This instructable will show you how to improve an inexpensive scroll saw. This type of scroll saw typically accepts blades with pins, but comes with adapters for pinless blades, which are more commonly used. Specifically, I obtained this scroll saw from harbor freight tools, which I think is a great place for hobby tools.

Although you can purchase knobs, they are typically very expensive. For me, a #10-32 screw costs $0.09 versus a knob which costs $2.80 which I found at a local Ace Hardware store. I will show you how I made my own knobs for less.

Step 1: Original Adapter

For reference, this is the original adapter. To use pinless blades, the blade must be inserted between two adapters and tightened with a hex-wrench. When there is no tension on the blade, it does not stay on the scroll saw body and falls off, since tension holds the adapter to the scroll saw.
<p>Anybody got a clue where I can buy this adapter for a decent price? Shipping inexpensive to EU (Belgium) not just UK. Thanks.</p>
<p>Um hey dude, you have those adapters entirely installed wrong on the saw. They are going to come flying off. They are supposed to be &quot;Under&quot; that top metal flexible lip. Look under there, you will see a small indent where the metal rod on the adapter is supposed to sit. They aren't supposed to go on the outside like you have in these pictures</p>
<p>As far as I can tell, they do sit in the indent, maybe your perspective is wrong? Otherwise, I've been very lucky because even with &quot;wrong&quot; installation, I haven't had any failures.</p>
why not just use wing nuts, instead of going thru the trouble to make the knobs? also, how are they holding up?
<p>It was easy to find wing nuts, but getting wing screws was difficult.</p>
I replaced the center insert with a solid piece of wood. I was tired of the flimsy black plastic. Simply measured the diameter and what thickness I could fit. After making the piece fit flush with the table, I drilled a hole large enough to pass the blades through.
Well, .... I use mine without the side port.
I did that too. I originally planned to use two knobs per adapter, but it looked silly, so I used the other two for the side port.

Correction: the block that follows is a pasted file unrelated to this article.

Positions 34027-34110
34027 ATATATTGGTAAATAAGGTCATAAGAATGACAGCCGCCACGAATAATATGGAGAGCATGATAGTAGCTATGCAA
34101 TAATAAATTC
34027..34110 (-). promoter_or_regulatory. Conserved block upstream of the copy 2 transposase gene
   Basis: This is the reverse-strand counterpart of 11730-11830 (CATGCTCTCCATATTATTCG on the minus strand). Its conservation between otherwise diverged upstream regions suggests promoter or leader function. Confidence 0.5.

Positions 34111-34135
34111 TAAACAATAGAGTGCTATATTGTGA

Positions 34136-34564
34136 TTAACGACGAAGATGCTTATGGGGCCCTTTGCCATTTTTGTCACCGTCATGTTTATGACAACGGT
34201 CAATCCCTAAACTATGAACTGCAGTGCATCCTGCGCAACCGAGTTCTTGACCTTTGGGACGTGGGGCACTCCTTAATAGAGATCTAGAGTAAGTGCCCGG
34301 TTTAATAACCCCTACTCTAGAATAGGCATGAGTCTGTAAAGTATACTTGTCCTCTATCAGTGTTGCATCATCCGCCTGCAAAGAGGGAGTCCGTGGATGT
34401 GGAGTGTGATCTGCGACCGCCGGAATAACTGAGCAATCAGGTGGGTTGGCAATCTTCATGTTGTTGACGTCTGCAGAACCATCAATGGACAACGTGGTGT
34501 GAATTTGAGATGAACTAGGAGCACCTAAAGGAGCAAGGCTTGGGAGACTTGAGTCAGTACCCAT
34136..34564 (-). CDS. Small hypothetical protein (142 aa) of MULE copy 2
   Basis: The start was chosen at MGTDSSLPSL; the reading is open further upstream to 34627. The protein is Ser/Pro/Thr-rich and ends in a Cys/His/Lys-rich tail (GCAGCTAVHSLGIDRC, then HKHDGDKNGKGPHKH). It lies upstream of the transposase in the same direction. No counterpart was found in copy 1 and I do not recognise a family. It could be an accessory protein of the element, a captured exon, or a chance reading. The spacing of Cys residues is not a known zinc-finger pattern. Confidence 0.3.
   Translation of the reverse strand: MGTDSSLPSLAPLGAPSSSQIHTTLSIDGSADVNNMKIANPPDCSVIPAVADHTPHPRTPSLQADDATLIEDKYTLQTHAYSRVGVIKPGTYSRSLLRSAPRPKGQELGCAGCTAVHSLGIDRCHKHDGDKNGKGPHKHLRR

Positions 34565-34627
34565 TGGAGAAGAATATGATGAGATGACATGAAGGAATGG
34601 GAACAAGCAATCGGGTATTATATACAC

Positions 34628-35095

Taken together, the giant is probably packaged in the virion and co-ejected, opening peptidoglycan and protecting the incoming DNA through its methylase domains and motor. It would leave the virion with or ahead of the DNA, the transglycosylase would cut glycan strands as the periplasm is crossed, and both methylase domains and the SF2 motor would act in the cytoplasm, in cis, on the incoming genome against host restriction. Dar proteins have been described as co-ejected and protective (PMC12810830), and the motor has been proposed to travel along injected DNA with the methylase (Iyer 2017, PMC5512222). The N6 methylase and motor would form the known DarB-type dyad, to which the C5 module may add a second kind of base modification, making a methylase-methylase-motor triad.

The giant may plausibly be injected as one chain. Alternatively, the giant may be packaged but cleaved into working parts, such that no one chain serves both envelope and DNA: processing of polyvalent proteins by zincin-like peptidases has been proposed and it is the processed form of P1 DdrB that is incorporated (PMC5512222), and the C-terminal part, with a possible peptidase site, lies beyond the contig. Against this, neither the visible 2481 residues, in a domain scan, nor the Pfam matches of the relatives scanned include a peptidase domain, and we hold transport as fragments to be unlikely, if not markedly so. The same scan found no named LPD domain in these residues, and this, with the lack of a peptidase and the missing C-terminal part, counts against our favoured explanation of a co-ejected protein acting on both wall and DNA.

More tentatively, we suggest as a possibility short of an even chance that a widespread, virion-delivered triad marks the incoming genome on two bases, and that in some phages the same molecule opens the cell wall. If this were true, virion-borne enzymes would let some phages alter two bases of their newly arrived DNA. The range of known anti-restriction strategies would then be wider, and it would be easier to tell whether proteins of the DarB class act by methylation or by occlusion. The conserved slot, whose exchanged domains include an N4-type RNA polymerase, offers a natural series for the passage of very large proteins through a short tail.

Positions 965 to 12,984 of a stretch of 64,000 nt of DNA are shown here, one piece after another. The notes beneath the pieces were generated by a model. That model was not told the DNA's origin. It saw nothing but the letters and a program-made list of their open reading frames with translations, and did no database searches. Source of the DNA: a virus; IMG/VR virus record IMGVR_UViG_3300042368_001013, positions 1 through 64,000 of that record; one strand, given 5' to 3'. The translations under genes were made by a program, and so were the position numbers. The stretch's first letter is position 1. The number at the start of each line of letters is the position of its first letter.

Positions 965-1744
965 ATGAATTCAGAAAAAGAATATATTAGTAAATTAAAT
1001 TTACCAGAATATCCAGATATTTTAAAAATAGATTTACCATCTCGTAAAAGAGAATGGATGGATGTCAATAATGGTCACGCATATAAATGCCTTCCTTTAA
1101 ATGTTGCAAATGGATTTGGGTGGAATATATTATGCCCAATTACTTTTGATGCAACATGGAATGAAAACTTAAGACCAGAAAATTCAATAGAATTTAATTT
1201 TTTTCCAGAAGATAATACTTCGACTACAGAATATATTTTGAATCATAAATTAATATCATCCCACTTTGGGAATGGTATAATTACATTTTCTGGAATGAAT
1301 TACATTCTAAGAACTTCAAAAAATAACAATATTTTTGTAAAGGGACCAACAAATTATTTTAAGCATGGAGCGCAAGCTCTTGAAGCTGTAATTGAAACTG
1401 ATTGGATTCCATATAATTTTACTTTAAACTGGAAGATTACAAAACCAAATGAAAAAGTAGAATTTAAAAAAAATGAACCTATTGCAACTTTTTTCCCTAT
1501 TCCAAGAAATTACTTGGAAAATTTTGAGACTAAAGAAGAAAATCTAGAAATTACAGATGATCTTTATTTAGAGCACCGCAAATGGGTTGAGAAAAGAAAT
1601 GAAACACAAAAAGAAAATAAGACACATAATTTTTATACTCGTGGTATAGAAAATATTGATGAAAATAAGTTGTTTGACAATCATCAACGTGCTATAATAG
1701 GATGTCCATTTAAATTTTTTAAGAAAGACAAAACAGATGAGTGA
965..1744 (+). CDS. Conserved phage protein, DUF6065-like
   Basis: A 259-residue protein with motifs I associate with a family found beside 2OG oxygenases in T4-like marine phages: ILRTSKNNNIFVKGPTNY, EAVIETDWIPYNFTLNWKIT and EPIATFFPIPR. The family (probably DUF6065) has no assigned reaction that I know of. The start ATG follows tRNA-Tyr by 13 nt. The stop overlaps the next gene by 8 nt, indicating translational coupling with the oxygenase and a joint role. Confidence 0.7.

I don't scroll like I used to. I have a couple saws now but my Delta is my best one. Recently at a yard sale I saw a Hawk for sale but being as I don't scroll so much anymore I passed on buying it. People really into scrolling swear by Hawk saws. I don't know, I guess my Delta is OK. The other thing folks who are really into scroll saws swear by is Flying Dutchman scroll saw blades. A Hawk saw might be out of your reach, but you can probably afford to buy some Flying Dutchman blades and give them a shot in your saw. I'm not saying it'll turn your saw into a Hawk, but it might be an improvement. <br> <br>Other than running decent blades the other thing you can do is bolt that saw down to something really heavy. By something really heavy I mean like a stand made out of thick steel. Attached to that kind of mass it might make the saw somewhat smoother. Mass dampens vibration. By really heavy I mean massive, a couple hundred pounds at least. Find an old straight engine block and bolt the saw to that, with the head removed of course. Naturally this makes the tool less portable, but sometimes you have to sacrifice some features in order to gain others.

About This Instructable



Bio: I'm an Engineer. I like hiking, flea markets, and electronics.
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